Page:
Wednesday, May 25, 2011

"The Last Guest": an excerpt

Here is a bit of rough draftiness from this afternoon's writing. You will learn almost nothing about the story from this, but I like some of these words in some of this order.

The morning brought fog and more rain, a dull miserable drizzle that filled the air with cold and damp and cheerlessness. Lee Ness built a blaze in the big stone fireplace on the east wall of the dining room but the flames seemed devoid of any heat and the room seemed too large, unfriendly. The guests who came down to breakfast took tables by the south windows and blew cigarette smoke at the glass, remembering the previous morning when it had been warm and bright out on the veranda.

Mrs Pullman remained in her room. Michael Little remained locked in the cellar, sad and shivering and alone. Bernard Hayes and Daniel Proudfoot sat together, drinking coffee and talking politics. Proudfoot had definite ideas about Europe. The Taylors sat by themselves, each reading a different book from the hotel library. Julia Purell and James Carol sat farthest from the fireplace. Julia picked unhappily at a grapefruit half. Her left hand remained free of diamonds.

Patience Quince came down to breakfast, wearing a long black shift and a short black wool jacket over it, with her tight black hat like a swimmer’s cap, all of it quite out of fashion except the jacket. Nonetheless, she looked like some young wife out shopping, with her bag clutched in her hand. By now everyone knew she had a gun in the bag, but not all the guests were reassured by the fact.

Patience walked toward James and Julia. She had a few questions for them. Her course was interrupted by Robertson Cornelius, who glided up and took Patience’s elbow. He smiled broadly in case his other guests were watching. They were watching, of course.

"Good morning, Miss Quince." Cornelius was nearly whispering. Patience whispered in reply.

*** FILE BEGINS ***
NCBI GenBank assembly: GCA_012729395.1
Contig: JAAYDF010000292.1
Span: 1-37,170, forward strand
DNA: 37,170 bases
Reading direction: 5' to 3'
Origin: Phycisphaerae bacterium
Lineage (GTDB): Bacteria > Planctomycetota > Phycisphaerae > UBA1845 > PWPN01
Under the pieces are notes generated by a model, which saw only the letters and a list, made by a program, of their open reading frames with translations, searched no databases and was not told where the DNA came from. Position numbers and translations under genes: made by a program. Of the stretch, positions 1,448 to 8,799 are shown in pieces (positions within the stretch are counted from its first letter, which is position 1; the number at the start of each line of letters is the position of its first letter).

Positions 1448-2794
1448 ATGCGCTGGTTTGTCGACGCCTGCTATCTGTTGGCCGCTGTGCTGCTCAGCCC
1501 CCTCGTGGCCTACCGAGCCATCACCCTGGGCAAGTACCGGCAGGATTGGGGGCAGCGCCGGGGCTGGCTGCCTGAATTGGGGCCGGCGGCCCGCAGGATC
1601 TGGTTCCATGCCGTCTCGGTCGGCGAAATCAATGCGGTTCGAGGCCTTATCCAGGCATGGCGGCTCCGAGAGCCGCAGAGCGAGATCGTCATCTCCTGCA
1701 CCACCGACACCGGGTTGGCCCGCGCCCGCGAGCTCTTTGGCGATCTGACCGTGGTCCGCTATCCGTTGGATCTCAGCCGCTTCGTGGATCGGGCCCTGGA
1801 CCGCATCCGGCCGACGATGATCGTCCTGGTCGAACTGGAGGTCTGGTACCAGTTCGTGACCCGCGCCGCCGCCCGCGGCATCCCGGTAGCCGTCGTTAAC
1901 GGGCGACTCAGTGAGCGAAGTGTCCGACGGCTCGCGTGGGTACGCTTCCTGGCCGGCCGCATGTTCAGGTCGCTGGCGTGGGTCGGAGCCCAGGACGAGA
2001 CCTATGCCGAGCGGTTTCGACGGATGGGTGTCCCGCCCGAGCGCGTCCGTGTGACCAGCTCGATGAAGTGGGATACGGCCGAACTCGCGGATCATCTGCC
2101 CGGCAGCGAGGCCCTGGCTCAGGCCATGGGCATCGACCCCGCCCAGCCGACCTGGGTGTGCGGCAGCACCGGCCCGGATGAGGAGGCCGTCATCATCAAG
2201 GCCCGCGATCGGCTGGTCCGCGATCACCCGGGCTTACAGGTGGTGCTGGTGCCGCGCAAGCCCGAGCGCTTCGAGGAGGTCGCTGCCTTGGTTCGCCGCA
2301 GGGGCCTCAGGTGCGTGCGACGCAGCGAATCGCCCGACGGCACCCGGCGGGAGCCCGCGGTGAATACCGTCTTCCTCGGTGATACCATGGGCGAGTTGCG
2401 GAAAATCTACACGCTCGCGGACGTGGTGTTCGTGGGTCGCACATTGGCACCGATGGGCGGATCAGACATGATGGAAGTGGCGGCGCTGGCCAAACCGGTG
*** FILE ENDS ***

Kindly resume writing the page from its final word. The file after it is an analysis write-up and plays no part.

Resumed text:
"Good morning, Monsieur Cornelius. It is raining and you have a dead man in the icebox. How are you today?"

"Oh. Yes. Well, about that."


  1. Scott, I read this late last night and again this morning. You took out a word that I very much enjoyed! Anyway, thanks for putting this up. I have been very curious about the book. I still think this is a wholly different voice for you, and that is fascinating. The second paragraph is cool too.

  2. Erm, that word just didn't work with the rhythm I wanted. I posted an excerpt to celebrate having reached the 1/3rd mark in the first draft! Yay, me! I'm also fascinated by the voice of the piece, and how it evolves as the narrative progresses. I'll be interested to read the first chapters again once I've finished, to see how much continental drift there has been. This book, I still think, will be the best thing I've written yet. Which is ironic, as the whole thing started off as a bit of a lark, something with which to amuse myself and Mighty Reader. It's turned into a Serious Writing Project now. With, one might even hope, commercial potential.

  3. I am 100% confident that the erm will be the difference between this book being a New York Times Bestseller, versus just another undiscovered masterpiece. Make that 110% confident!